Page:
OutOfMemory Error

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Jianbo Ye

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May 10, 2014, 7:22:03 PM5/10/14
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Hi, I encounter a problem (bug?) in using STM.

Given a par collection, say l = (0 until n).par

When I call 

l.map(i=> func(i))

and in func() I update a large vector in atomic {} which looks like

atomic {
 A() = A() + M_i // takes time, because A and M are large dimensional vector (5M or so), and the addition operation require more memory allocation.
}

It will throw OutOfMemoryError as follows ( I am sure I have enough heap memory for such operations except STM make copies for block purpose)


        java.lang.OutOfMemoryError ...	
        ...
        at scala.concurrent.stm.ccstm.InTxnImpl.runBlock(InTxnImpl.scala:560)
	at scala.concurrent.stm.ccstm.InTxnImpl.topLevelAttempt(InTxnImpl.scala:516)
	at scala.concurrent.stm.ccstm.InTxnImpl.topLevelAtomicImpl(InTxnImpl.scala:387)
	at scala.concurrent.stm.ccstm.InTxnImpl.atomic(InTxnImpl.scala:248)
	at scala.concurrent.stm.ccstm.CCSTMExecutor.apply(CCSTMExecutor.scala:24)
        ...


But If I do this way, it becomes memory safe. 

l.map(i=> {
  func(i)
  0.0}).reduce(_+_)

Could someone explain me about that?

Nathan Bronson

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May 12, 2014, 2:36:33 PM5/12/14
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Jianbo,

I can't reproduce your problem without more code. Is it something that I could run locally, or that you can reduce to a standalone program?

On the other hand, reduce is probably a better solution for this computation, even if the STM code didn't OOM. The transaction resolves reads and writes without understanding the mathematical properties of the transactions (generality), but since each transaction writes A in this case the STM can't actually give you any parallelism. The reduce-based solution, on the other hand, knows from its API contract that the reduction operator can be applied safely in parallel (purity) and in any order (transitivity).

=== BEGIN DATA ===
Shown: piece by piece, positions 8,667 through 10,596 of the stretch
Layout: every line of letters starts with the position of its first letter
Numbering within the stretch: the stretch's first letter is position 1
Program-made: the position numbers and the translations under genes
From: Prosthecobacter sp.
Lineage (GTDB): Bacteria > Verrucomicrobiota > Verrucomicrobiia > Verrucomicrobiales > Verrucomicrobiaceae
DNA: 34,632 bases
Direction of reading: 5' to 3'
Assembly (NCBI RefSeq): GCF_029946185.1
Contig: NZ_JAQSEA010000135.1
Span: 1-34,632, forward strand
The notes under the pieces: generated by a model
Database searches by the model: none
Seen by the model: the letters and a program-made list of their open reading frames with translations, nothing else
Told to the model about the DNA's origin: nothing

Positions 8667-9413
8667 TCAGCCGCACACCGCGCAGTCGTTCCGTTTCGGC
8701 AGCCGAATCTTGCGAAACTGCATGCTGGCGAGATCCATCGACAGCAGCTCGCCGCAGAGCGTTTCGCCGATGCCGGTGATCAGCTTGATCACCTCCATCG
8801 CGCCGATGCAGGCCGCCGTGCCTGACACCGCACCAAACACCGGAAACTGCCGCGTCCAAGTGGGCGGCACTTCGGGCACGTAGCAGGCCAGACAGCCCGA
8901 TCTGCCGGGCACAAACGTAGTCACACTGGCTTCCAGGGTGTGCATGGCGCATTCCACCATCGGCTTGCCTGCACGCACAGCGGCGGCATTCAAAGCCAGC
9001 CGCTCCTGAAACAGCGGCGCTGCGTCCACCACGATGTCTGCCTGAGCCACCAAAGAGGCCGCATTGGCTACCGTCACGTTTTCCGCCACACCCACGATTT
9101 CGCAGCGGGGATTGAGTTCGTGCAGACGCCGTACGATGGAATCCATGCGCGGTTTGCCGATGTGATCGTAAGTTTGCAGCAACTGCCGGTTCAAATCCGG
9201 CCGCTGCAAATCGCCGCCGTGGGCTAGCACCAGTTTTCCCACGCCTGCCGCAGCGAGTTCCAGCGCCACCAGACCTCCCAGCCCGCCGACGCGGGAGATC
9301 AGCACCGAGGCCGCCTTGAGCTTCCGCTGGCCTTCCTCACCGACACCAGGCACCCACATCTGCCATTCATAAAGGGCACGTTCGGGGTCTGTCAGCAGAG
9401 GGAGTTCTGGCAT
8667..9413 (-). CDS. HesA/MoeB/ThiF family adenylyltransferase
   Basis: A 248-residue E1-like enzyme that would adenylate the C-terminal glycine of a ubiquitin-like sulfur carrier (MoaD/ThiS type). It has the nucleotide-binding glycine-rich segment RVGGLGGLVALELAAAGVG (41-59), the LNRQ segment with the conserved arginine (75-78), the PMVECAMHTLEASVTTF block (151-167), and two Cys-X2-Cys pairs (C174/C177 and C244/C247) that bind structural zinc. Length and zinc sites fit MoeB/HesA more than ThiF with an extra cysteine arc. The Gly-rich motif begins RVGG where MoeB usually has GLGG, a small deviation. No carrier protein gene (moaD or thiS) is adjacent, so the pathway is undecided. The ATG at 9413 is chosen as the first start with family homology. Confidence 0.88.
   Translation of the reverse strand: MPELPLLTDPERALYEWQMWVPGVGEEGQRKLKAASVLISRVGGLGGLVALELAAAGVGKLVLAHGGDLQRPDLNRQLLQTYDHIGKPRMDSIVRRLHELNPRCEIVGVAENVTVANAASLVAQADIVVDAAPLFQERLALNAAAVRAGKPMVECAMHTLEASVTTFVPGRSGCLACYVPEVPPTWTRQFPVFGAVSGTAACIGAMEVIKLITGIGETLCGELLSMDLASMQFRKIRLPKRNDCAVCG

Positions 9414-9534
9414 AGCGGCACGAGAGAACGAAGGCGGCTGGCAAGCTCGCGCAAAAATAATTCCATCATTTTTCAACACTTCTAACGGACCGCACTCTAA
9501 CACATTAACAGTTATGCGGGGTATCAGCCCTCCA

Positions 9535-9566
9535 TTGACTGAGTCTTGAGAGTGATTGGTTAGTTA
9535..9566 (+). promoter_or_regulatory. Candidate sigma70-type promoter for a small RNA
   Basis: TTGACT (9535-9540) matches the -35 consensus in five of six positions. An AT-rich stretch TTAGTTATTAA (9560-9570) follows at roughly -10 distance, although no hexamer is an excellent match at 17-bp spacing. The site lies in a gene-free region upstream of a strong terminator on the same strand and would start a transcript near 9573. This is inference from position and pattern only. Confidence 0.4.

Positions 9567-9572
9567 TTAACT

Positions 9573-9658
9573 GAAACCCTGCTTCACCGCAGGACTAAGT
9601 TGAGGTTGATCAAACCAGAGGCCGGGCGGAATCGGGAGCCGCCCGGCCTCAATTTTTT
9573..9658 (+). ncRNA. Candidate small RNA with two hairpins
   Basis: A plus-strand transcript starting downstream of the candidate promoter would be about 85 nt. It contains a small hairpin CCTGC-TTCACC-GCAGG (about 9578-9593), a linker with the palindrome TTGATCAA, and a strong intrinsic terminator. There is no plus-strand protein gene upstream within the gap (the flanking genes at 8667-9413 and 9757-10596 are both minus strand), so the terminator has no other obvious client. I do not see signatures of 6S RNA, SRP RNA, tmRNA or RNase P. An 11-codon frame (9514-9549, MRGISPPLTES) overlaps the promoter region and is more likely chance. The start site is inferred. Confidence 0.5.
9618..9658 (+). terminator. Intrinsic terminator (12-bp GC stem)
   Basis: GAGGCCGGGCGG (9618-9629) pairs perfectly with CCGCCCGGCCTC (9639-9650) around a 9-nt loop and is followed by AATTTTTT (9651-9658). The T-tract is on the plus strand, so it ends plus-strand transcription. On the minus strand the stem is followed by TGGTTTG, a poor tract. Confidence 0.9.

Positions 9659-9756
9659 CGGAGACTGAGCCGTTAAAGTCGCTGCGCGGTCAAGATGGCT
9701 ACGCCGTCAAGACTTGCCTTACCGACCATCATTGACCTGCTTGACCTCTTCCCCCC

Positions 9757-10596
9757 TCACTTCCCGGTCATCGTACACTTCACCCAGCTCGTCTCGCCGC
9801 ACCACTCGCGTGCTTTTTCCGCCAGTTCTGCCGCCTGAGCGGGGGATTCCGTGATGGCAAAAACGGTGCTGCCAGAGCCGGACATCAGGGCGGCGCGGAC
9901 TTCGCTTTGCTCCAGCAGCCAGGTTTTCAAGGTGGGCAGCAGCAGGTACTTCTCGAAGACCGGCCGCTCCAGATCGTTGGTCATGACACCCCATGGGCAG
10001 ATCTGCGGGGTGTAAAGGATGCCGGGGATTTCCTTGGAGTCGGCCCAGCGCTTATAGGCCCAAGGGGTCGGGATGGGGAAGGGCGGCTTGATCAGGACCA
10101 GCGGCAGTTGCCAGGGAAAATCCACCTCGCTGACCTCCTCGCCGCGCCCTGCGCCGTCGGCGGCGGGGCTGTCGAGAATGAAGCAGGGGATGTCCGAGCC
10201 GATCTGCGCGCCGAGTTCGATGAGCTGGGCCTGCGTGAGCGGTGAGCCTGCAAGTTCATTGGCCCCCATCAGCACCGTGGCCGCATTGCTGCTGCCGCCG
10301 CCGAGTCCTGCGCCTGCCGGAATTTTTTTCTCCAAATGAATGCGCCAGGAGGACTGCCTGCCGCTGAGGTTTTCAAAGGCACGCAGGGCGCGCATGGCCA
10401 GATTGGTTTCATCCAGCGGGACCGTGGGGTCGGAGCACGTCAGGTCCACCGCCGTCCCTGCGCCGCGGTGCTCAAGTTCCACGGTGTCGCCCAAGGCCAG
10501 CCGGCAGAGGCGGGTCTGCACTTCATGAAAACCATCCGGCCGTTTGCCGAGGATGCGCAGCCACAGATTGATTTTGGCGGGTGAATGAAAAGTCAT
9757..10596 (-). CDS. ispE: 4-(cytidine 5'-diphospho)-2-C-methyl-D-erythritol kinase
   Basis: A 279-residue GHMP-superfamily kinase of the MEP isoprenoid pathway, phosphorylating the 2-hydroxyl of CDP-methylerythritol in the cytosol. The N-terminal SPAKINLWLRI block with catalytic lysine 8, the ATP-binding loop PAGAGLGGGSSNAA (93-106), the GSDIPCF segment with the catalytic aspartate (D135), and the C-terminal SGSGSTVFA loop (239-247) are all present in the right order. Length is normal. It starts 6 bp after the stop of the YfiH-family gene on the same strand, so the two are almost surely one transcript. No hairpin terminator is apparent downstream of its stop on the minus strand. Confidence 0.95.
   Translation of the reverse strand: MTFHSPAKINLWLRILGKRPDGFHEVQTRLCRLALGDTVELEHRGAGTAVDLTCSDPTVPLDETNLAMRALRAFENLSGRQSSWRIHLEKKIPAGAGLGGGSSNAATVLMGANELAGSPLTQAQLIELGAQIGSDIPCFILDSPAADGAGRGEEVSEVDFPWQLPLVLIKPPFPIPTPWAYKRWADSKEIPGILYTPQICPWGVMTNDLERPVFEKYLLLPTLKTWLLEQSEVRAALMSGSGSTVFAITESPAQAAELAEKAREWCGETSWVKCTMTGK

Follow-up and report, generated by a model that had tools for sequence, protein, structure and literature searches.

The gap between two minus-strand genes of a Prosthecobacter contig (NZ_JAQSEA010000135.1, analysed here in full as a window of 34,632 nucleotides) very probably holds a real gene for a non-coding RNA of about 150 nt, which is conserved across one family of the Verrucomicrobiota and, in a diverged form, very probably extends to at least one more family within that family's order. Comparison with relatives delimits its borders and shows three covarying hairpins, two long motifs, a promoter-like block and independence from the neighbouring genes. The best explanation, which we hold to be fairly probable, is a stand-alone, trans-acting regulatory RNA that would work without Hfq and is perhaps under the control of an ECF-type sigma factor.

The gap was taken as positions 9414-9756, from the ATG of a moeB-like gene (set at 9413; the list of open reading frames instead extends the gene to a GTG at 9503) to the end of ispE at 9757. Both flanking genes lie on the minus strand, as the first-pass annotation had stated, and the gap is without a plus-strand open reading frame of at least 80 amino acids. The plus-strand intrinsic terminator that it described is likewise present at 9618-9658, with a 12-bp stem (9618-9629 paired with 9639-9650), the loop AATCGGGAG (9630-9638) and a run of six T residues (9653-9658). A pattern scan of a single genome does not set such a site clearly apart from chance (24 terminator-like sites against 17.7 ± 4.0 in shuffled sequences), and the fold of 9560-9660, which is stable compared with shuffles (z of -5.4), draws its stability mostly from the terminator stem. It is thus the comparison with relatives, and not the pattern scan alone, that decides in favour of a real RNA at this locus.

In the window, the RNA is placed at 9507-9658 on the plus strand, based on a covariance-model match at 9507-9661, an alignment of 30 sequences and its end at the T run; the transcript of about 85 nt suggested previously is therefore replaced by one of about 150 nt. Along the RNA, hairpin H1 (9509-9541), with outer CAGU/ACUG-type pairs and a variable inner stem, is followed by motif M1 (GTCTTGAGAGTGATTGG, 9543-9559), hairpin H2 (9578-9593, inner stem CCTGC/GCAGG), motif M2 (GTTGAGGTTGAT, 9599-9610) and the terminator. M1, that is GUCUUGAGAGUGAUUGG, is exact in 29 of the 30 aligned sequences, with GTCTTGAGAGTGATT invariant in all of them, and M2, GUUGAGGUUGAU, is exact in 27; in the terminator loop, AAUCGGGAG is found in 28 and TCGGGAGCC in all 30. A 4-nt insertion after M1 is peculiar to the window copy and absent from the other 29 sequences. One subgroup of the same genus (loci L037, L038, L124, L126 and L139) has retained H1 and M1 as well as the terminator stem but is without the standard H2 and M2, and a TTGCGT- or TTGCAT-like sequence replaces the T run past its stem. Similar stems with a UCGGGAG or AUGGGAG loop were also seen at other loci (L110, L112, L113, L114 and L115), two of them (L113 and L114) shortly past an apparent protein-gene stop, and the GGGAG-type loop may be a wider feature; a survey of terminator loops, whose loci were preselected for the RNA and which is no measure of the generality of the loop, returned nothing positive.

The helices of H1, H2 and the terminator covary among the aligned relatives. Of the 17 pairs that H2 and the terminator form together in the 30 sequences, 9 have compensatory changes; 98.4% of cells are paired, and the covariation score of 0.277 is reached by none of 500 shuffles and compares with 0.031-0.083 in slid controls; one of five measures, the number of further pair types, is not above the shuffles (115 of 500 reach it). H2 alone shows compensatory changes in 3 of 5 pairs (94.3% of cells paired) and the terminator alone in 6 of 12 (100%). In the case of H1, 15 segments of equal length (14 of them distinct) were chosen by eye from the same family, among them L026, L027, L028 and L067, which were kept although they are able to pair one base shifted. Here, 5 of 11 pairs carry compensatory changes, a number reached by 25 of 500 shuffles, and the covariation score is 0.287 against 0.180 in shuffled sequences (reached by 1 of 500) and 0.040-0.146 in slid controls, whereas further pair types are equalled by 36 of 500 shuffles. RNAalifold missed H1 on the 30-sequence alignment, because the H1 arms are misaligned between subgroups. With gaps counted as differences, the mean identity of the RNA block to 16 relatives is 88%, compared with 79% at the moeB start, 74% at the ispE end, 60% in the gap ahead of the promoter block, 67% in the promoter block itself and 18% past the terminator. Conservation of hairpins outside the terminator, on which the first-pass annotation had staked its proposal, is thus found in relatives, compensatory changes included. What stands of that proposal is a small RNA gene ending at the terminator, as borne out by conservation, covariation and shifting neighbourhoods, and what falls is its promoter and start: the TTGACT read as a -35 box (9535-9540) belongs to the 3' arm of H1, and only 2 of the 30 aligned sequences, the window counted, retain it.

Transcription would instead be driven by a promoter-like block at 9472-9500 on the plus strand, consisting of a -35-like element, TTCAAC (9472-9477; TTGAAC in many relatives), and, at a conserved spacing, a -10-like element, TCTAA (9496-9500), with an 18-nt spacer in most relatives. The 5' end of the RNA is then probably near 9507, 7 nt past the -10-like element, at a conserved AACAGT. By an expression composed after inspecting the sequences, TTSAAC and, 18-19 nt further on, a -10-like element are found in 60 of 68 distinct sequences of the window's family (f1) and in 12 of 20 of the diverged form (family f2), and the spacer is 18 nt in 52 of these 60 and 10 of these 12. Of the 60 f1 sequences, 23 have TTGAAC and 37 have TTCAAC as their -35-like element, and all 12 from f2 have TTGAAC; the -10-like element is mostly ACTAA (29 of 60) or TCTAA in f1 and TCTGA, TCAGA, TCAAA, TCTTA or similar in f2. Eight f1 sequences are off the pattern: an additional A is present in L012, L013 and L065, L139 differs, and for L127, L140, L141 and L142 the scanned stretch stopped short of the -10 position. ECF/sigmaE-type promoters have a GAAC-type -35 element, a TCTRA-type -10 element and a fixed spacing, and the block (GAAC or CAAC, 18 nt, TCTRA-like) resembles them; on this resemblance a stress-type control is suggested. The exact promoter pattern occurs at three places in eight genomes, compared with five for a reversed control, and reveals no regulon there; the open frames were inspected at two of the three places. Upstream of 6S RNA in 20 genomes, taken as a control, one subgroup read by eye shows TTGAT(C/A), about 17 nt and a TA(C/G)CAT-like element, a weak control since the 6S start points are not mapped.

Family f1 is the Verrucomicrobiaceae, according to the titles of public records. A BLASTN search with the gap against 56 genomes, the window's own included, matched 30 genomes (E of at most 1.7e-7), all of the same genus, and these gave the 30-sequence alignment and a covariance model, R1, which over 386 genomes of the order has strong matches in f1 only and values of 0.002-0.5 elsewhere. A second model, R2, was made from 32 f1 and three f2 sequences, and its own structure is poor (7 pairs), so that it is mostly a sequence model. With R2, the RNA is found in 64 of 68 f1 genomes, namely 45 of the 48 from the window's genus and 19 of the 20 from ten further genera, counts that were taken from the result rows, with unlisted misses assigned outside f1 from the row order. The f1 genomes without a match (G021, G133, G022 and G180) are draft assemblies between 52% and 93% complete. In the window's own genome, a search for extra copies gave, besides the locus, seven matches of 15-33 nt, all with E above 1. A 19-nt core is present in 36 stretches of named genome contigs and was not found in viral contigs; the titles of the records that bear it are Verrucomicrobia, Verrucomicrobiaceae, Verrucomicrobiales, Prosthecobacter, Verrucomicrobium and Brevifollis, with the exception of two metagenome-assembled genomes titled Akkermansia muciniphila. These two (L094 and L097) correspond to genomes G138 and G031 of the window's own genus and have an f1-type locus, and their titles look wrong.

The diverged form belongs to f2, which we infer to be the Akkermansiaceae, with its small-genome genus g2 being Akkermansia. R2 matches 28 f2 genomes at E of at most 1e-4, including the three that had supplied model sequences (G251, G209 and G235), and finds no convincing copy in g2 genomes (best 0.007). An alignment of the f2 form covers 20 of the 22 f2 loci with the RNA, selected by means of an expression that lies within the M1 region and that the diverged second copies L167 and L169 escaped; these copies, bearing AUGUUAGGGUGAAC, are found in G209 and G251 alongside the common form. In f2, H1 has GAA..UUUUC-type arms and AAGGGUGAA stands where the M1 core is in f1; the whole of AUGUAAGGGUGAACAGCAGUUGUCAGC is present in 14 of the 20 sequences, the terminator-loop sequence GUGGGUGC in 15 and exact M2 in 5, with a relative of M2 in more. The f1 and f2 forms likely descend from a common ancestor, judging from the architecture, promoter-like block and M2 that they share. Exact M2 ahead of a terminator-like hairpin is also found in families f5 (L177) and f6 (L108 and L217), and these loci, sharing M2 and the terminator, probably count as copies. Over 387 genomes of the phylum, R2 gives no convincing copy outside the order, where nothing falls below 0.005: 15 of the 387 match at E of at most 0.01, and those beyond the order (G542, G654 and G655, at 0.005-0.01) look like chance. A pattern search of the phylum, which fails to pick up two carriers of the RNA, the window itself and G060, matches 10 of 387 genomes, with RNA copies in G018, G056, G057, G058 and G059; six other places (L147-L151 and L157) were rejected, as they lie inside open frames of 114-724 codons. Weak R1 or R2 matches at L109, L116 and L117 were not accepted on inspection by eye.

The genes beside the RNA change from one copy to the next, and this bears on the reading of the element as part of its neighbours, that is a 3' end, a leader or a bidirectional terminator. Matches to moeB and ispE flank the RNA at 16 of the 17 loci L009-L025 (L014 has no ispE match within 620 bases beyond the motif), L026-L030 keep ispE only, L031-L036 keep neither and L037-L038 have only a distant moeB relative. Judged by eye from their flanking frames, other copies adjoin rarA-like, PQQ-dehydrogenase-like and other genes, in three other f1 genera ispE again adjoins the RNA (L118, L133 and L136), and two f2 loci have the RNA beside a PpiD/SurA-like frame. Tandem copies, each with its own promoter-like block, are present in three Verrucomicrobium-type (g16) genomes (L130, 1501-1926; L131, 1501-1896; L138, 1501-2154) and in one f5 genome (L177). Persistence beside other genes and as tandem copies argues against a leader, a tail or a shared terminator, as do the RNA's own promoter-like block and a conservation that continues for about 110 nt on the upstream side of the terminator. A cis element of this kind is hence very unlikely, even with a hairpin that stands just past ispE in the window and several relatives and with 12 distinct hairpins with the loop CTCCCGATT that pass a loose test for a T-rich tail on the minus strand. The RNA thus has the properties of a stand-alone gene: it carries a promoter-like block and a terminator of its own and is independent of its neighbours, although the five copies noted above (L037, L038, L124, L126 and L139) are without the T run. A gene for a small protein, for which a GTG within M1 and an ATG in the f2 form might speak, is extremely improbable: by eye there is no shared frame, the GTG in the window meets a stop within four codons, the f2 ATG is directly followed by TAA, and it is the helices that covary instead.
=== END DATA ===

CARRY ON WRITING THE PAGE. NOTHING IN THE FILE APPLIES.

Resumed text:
- Nathan


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Nathan Grasso Bronson
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Jianbo Ye

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May 12, 2014, 3:33:05 PM5/12/14
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Thanks for your explanation, Nathan

Yes, this example didn't provide any parallelism. But in my case, func() has much more things to do in parallel. You remind me that the reduce() indicate the operation can be applied in any order, so atomic{} part is not blocked for waiting the next consecutive one. I think that's basically the reason for out-of-memory, because in the first case, atomic{} backup all M_i.

I am not sure STM can artificially hang up the parallelized part of code, because it may create many M_i before it reduce them to A and free the memory in atomic{}. 

Jianbo 
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Nathan Bronson

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May 13, 2014, 2:16:09 PM5/13/14
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Jianbo,

ScalaSTM internally supports partial rollback when there are nested transactions, although normally it flattens all of the transactions to keep overheads low. I should probably add a configuration setting to the TxnExecutor that allows you to disable this subsumption optimization (since it is only usually faster), but if you want to try this you can get the right behavior by using atomic.oneOf, something like this:

  atomic.oneOf( { implicit txn: InTxn =>
    M_i = func()
    // the STM will often (not always) be able to back up to this point and retry, without calling func() again
    atomic { implicit txn =>
      A() = A() + M_i
    }
  })

- Nathan


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